The Bulls got off to a fantastic start in this one, at one point going up nearly 20 in the first half. Eric Bledsoe and the Suns made things interesting, but the Bulls led virtually the entire game en route to a 103-97 victory.
Jimmy Butler had a season-high 32 points and really took over late. He played the entire fourth quarter and a Thibs-ian 43 minutes. He finished with six rebounds, two assists and a steal on 11/23 shooting. He’s now averaging 20.4 points on the season with extremely similar shooting splits to last season’s breakout campaign.
With Derrick Rose out due to an ankle injury, Fred Hoiberg went with Kirk Hinrich as a starter. Captain Kirk (the #gritgod) came up big, scoring 14 points on absurd 6/7 shooting with six assists in 24 minutes. In classic Kirk fashion, though, this was his only missed shot:
Aaron Brooks had a solid 12 points and five dimes in 20 minutes off the bench, but he pulled his hamstring pretty badly and eventually had to leave the game. I don’t love that the Bulls brought Brooks back after he clearly suffered a fairly serious muscle pull; he had to leave the game again for good and is now out for tomorrow’s matchup with Golden State. The Bulls deserve credit for safely handling Rose’s ankle injury in game, but this was a mistake.
Pau Gasol and Taj Gibson both had good nights and once again closed the game together. Gasol scored 17 points and grabbed eight rebounds in 28 minutes while Gibson had six points and seven boards in 27 minutes. If Gibson is going to continue seeing crunchtime minutes over Niko Mirotic, you have to wonder if we’ll see another shake-up to the starting lineup soon. Seemingly everyone outside the Bulls organization is clamoring for Niko and Joakim Noah to play together, which could be easily managed by moving Gibson into the starting group.
Speaking of Mirotic, he continues to badly struggle on the offensive end. He went 4/12 with 10 points in 21 minutes, though he did knock down 2/5 from long range. His presence is still providing the Bulls with acres of floor space–most noticeable in his +6.9 on floor net rating. Opponents are struggling to figure out his game, falling for pump fakes and committing too many fouls. Soon, though, teams will figure his shtick out if the shots aren’t falling consistently. Mirotic’s value is derived from his ability to stretch the floor from a frontcourt position; I’m starting to worry that his highly unconventional shot mechanics may never yield a consistent shooter.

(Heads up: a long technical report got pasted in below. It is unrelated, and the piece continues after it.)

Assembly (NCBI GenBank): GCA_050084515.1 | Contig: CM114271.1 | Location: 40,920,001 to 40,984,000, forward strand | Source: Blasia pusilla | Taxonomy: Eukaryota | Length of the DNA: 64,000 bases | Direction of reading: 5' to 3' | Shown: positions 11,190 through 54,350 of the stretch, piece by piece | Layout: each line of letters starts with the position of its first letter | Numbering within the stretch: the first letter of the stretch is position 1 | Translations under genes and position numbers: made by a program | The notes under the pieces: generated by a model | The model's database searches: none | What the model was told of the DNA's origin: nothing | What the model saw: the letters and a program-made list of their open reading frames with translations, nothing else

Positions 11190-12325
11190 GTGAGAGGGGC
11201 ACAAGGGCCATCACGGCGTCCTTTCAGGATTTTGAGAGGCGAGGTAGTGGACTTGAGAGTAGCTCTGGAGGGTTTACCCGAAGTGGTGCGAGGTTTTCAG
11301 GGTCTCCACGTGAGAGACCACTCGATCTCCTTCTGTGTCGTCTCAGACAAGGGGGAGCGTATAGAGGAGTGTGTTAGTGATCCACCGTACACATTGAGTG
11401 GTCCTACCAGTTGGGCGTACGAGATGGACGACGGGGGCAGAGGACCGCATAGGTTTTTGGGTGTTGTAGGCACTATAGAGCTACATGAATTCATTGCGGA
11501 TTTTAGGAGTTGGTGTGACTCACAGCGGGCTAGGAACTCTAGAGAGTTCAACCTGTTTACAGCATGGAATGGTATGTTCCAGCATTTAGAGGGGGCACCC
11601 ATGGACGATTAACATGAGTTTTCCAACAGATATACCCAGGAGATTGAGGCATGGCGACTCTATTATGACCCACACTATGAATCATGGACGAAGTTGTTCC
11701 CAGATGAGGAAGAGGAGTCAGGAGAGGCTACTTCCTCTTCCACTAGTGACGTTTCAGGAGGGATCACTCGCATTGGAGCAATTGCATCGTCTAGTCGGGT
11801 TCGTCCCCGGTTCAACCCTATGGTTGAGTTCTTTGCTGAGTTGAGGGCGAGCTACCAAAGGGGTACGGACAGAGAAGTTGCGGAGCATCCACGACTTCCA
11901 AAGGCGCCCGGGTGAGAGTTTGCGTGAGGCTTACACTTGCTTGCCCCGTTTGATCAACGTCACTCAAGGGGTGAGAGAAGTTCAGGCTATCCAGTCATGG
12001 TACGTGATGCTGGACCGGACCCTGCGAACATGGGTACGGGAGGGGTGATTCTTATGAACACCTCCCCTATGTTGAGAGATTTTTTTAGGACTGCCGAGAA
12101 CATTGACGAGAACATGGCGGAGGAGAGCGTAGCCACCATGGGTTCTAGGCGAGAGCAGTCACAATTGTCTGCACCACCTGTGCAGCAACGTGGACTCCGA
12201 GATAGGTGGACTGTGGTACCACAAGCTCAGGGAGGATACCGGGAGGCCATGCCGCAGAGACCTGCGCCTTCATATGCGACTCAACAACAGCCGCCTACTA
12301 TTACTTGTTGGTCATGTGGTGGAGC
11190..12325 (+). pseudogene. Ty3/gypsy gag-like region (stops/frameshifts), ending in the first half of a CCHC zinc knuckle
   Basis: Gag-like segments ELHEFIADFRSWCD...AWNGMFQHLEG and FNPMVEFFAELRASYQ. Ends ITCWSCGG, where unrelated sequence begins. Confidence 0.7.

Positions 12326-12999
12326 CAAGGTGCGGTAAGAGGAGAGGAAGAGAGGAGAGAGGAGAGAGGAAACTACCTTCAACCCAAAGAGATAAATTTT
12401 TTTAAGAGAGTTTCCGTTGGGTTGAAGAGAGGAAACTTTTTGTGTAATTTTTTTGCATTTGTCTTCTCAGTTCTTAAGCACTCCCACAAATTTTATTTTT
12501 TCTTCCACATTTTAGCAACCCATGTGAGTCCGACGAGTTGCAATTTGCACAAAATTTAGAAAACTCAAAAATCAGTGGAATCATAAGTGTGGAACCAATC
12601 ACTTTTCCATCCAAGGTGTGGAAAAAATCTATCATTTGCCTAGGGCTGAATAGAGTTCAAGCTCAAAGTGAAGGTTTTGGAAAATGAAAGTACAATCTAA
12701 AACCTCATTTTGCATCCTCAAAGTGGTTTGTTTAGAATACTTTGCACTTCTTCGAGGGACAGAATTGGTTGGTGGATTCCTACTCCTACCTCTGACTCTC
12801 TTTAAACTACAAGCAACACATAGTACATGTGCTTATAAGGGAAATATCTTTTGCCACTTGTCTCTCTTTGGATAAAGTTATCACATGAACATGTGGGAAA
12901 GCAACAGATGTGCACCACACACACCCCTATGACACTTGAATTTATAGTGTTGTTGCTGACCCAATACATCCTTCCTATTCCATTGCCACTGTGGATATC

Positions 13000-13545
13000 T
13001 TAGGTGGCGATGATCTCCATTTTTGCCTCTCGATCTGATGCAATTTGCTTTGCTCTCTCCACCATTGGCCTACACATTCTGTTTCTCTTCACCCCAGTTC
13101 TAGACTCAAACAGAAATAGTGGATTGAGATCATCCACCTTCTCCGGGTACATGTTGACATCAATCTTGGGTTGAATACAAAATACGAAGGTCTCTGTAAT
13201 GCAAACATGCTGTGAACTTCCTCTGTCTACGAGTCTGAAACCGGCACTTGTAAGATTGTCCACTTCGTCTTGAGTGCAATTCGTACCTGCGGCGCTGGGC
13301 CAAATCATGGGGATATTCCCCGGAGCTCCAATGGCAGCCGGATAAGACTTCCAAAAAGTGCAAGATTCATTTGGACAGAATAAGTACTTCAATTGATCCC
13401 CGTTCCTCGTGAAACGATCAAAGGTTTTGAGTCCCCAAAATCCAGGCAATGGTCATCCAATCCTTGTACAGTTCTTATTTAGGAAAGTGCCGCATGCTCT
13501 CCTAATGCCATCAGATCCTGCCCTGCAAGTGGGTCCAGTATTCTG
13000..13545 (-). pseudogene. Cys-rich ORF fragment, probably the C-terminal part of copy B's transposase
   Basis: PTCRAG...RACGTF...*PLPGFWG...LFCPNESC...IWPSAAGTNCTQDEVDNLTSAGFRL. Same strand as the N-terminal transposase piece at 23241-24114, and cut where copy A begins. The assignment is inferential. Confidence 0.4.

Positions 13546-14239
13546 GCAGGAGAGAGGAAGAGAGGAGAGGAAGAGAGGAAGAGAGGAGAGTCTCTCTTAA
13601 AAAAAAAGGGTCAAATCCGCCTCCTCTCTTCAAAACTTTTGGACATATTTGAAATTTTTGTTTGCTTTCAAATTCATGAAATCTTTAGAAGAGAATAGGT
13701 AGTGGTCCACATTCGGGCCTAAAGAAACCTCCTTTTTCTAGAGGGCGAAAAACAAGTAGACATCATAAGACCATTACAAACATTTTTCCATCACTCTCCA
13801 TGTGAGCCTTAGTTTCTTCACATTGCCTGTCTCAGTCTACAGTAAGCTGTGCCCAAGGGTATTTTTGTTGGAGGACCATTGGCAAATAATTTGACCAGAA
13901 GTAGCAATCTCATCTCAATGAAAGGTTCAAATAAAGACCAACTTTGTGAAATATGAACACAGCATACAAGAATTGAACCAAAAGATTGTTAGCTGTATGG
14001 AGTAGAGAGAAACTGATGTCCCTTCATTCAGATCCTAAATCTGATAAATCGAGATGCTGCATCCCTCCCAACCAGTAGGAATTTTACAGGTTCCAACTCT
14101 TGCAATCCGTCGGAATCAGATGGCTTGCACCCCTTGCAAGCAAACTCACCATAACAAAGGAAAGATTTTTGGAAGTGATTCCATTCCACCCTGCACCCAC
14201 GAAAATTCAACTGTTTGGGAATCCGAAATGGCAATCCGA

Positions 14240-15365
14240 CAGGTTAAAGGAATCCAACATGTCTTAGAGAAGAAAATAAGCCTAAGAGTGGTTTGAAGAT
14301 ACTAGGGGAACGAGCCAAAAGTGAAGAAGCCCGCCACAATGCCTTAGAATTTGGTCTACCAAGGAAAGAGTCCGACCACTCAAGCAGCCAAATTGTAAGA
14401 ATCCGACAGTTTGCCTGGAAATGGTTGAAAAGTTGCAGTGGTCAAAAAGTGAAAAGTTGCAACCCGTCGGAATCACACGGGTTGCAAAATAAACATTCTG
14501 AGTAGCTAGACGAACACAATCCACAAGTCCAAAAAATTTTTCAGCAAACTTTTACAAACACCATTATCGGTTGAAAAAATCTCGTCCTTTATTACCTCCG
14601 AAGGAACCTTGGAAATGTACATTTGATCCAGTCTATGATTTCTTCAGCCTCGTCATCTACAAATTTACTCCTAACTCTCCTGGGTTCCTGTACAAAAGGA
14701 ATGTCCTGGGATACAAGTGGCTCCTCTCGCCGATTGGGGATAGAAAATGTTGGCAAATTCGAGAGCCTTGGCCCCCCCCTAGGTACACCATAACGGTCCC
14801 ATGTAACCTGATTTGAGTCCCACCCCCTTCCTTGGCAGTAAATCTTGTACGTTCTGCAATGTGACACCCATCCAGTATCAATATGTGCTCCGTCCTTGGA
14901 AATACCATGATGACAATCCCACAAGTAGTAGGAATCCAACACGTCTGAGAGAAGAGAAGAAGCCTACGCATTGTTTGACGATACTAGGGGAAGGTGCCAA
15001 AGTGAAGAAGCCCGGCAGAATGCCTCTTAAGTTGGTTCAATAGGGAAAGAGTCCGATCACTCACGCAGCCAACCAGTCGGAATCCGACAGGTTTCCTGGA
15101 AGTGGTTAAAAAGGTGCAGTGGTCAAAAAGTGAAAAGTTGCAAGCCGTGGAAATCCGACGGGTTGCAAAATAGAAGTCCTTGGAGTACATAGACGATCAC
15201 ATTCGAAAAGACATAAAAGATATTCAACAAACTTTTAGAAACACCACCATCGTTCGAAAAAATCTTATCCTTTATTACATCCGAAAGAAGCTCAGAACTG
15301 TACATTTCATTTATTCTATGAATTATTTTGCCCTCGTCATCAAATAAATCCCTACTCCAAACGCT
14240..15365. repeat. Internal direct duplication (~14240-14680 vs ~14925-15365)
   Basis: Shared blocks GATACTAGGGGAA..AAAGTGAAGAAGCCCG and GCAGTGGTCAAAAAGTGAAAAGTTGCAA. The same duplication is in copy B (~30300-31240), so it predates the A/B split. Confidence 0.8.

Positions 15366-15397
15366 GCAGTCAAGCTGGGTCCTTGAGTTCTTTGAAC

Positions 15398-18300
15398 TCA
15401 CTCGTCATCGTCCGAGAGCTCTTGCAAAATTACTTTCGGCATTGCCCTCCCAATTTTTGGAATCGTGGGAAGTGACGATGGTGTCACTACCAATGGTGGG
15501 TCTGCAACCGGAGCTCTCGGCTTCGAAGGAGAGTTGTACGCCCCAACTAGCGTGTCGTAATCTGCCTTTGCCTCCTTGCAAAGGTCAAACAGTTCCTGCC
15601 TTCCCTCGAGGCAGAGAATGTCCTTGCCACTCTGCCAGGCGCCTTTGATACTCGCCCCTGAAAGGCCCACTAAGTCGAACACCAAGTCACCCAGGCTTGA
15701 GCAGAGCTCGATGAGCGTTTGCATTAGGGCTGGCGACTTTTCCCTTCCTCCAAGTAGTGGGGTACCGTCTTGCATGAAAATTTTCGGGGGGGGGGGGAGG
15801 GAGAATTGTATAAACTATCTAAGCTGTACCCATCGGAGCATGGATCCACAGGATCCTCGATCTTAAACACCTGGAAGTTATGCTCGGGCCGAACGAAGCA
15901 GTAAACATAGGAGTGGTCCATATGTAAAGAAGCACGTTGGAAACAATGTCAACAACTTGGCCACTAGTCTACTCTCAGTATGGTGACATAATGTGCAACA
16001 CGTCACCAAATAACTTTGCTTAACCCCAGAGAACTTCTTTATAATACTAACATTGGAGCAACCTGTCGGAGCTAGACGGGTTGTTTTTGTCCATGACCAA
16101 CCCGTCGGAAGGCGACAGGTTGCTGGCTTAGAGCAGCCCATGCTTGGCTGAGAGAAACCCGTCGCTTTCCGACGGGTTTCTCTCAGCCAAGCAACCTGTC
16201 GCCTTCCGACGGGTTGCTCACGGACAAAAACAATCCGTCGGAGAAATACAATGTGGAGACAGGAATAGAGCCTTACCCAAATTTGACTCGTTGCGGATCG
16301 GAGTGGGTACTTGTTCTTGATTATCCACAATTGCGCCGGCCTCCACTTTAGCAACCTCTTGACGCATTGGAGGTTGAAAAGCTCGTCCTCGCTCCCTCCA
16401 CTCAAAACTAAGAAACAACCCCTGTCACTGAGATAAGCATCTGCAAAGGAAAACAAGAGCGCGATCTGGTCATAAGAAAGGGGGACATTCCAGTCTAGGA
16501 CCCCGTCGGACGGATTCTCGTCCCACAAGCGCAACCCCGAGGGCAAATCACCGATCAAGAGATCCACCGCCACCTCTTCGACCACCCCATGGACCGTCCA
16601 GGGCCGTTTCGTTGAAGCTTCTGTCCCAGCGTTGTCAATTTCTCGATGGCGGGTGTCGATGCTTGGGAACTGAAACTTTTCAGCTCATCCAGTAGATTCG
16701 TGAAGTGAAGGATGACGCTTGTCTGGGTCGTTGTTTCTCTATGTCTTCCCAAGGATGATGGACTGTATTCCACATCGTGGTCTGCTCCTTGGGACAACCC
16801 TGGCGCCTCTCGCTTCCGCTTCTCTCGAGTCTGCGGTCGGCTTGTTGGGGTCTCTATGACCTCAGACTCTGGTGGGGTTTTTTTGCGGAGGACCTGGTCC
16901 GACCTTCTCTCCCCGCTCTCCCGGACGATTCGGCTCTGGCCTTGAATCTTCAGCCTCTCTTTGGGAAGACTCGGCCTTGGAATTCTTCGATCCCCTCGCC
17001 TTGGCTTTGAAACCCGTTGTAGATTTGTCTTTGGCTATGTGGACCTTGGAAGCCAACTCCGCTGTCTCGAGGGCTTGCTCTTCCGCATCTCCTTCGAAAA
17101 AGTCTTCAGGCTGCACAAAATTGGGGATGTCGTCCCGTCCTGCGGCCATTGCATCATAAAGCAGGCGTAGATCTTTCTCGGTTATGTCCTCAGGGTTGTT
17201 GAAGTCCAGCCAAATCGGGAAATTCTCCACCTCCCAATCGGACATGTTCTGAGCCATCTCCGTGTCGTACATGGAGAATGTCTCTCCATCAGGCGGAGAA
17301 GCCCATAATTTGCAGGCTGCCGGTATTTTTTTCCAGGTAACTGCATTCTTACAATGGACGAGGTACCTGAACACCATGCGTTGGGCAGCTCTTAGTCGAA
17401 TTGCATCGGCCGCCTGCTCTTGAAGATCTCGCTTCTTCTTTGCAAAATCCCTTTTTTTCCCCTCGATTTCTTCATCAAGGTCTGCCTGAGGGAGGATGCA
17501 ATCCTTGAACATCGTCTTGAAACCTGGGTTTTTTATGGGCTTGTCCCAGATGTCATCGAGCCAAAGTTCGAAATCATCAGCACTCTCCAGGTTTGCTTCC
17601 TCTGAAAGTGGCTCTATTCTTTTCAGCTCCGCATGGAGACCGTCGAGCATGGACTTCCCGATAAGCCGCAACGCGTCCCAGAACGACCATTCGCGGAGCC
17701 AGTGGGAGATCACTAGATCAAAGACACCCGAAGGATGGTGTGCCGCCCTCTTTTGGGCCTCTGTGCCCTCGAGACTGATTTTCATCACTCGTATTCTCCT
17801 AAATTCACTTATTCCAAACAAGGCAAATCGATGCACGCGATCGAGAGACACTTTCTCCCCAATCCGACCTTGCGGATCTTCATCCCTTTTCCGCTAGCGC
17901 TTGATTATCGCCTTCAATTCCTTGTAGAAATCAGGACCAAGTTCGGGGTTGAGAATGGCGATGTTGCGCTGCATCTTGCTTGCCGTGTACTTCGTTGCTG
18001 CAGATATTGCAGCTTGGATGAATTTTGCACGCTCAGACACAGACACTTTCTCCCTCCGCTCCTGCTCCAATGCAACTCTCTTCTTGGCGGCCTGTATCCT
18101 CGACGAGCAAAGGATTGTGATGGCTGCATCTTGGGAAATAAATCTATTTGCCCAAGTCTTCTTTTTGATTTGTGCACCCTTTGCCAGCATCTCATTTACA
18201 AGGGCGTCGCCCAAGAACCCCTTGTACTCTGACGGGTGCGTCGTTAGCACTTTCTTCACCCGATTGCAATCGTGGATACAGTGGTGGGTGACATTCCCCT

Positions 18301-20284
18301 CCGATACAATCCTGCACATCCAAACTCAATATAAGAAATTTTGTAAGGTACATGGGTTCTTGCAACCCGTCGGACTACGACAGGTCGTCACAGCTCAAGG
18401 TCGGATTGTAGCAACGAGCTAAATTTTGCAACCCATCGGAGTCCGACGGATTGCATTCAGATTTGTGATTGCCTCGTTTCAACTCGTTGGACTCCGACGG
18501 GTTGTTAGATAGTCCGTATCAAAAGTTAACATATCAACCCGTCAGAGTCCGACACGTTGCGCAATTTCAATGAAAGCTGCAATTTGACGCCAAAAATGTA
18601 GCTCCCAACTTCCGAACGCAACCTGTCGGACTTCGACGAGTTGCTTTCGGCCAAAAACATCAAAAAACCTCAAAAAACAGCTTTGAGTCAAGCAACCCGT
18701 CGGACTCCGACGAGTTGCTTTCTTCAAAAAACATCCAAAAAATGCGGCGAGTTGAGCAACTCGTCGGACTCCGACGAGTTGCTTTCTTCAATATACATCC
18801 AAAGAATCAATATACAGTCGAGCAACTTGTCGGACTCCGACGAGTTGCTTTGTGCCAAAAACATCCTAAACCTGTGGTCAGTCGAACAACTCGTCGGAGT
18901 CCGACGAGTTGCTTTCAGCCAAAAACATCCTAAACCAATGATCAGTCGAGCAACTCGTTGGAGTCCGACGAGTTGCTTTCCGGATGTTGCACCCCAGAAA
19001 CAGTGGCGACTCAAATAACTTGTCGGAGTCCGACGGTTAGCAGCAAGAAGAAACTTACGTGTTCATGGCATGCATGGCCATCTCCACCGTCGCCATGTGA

Doug McDermott had a pretty solid game off the bench, adding eight points and a +5 in 25 minutes. He also provided the funniest highlight of the game:
While Tony Snell has struggled to make any impact on the offensive end this season, the Bulls have played far better with him on the court. He led the team with a +9 despite missing all three of his shots. Now in his third season, Snell has gotten better at using his length to disrupt opponents defensively. The Butler-Snell combination could yield Chicago its strongest defensive wing pairing since Luol Deng and Ronnie Brewer were at their peaks.
Brandon Knight and Eric Bledsoe combined for 44 points and 11 assists. They’re an entertaining backcourt pairing, and the Suns look like a solid threat for the bottom of the West playoff bracket. PJ Tucker annoyingly had his best game of the season, scoring 20 points with seven boards. A lot of fun bench guys got run, including Mirza Teletovic, Alex Len, Devin Booker, and Archie Goodwin.
Coming up: the Bulls continue the circus road trip on Friday night as big underdogs in Golden State against the defending champions, who are 12-0. If you recall, the Bulls handed the Warriors one of their two home losses last season. Quick note: Golden State is insanely, mind-bogglingly good on both ends of the floor. Steph Curry is one of the most unique players in NBA history and a joy to watch. Do yourself a favor and watch this next game, even if the Warriors win big. They could win 73 games.